Bowens - The Builders Choice

Will You Be the Next to Fall to Your Death?

Falls from height incidents and fatalities are rising and continue to be one of the leading causes of workplace deaths.

In the housing sub sector, 50% of all falls from height fatalities are caused by falling from ladders, roofs or stair/voids. In the last three months, several fall incidents and a fatality have occurred in the housing sub-sector; this includes: A carpenter working on the 2nd storey in a housing development fell 3 metres through a stair void, sadly resulting in his death.

  • An apprentice electrician fell while loading solar panels onto a roof at a domestic premise in Coburg, sustaining a broken ankle, wrist and eye socket.
  • A plumber fell more than two metres at a housing construction site in Frankston, leaving them with serious head and back injuries.
  • A worker was taken to hospital with a head injury after falling four metres from a ladder at a Broadmeadows construction site.

Since 2018, WorkSafe has accepted 6,340 claims from workers injured in falls from height, with construction workers accounting for almost one third of these claims.

WorkSafe inspectors are taking a strong compliance and enforcement approach to ensure works at height are performed safely as they continue to visit construction sites across Victoria.

“WorkSafe inspectors are taking a strong compliance and enforcement approach to ensure works at height are performed safely as they continue to visit construction sites across Victoria.”

This year, fines totalling $489,000 have been imposed against construction companies and directors in 12 WorkSafe prosecutions for failing to protect workers from the dangers of working from height.

Common construction fall hazards include:

  • working on or near unprotected edges;
  • using unsafe or incomplete scaffolds;
  • using inappropriate ladders or unsafe ladder use;
  • falling from roofs or through fragile roofs or skylights;
  • falling from trucks or plant;
  • falling through stair-voids; and
  • falling into holes, pits or shafts

WorkSafe is driving employers to implement safety controls to prevent these hazards from occurring. As an employer, you have a duty to protect your workers.

Where there is a risk of a fall less than two metres employers must:

  • so far as is reasonably practicable eliminate risks to health and safety, for example any risk associated with a fall at the workplace.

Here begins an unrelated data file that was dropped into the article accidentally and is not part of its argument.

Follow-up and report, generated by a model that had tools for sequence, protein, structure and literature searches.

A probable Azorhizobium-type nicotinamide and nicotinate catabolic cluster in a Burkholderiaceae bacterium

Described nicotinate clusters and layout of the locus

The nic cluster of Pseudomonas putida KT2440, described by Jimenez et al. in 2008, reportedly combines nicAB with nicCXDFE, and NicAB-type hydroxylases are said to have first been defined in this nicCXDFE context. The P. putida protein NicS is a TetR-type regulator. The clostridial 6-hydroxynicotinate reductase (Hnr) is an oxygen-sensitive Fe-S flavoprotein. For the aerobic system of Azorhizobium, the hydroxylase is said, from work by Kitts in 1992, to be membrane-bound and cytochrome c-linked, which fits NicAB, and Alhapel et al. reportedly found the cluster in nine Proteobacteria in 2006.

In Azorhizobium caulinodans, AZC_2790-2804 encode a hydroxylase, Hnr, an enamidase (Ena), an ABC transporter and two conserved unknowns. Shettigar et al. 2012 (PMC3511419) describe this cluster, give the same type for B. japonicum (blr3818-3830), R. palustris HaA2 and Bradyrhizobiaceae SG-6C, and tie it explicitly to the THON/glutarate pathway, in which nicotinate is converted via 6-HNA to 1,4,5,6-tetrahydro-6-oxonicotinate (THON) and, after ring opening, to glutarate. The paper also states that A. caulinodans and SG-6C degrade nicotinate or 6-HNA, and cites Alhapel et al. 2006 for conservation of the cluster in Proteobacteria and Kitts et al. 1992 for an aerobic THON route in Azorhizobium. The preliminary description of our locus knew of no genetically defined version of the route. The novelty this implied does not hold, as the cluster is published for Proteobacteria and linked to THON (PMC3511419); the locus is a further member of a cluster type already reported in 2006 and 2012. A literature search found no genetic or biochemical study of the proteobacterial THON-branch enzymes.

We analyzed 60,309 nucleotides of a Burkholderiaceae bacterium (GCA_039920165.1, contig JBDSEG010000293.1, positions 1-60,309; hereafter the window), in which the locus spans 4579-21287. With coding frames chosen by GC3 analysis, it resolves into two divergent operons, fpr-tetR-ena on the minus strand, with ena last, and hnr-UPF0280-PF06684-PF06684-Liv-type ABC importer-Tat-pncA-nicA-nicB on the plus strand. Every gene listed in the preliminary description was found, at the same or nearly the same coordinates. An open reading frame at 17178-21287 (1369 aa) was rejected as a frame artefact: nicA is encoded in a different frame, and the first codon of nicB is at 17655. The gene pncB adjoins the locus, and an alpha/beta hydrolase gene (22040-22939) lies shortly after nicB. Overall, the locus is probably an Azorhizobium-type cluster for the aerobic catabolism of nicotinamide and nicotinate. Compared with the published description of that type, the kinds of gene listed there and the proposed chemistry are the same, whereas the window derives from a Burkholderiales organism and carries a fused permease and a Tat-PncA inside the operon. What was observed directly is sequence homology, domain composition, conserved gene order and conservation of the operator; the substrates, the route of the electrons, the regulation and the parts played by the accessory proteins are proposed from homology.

• if elimination of the risk is not reasonably practicable, the risk must be reduced, so far as is reasonably practicable.

Where there is a risk of a fall of more than two metres employers and self-employed persons must:

  • comply with the specific prevention of falls requirements including following the “control of risk” hierarchy (see table) and establishing emergency procedures.
  • follow specific high risk construction work (HRCW) duties including the duty to prepare and follow a Safe Work Method Statement (SWMS).

Hierarchy of control measures for prevention of falls above 2 metres

Note: A combination of risk control measures will usually be required

High Risk Construction Work (HRCW) duties

Where work involves a risk of a person falling more than two metres, the work is classified as HRCW which has additional specific risk control duties.

HRCW must not start until a SWMS has been developed. A SWMS must:

  • identify work that is HRCW
  • state the hazards and risks of that work
  • sufficiently describe measures to control fall risks
  • describe how the risk control measures are to be implemented
  • be set out and expressed in a way that is readily accessible and comprehensible to the persons who uses it.

If a SWMS is not being followed the HRCW must stop. Note: Affected workers and their health and safety representatives must be consulted when identifying hazards and determining risk control measures. Additional duties exist in relation to HRCW and SWMS.

Employee legal duties

Employees must take reasonable care of their own health and safety and that of others who may be affected by their acts or omissions at work. This includes not interfering with or misusing things provided at a workplace in the interests of health, safety or welfare (eg guardrails or scaffolds).

Learn how you can keep your workers safe on-site by visiting –

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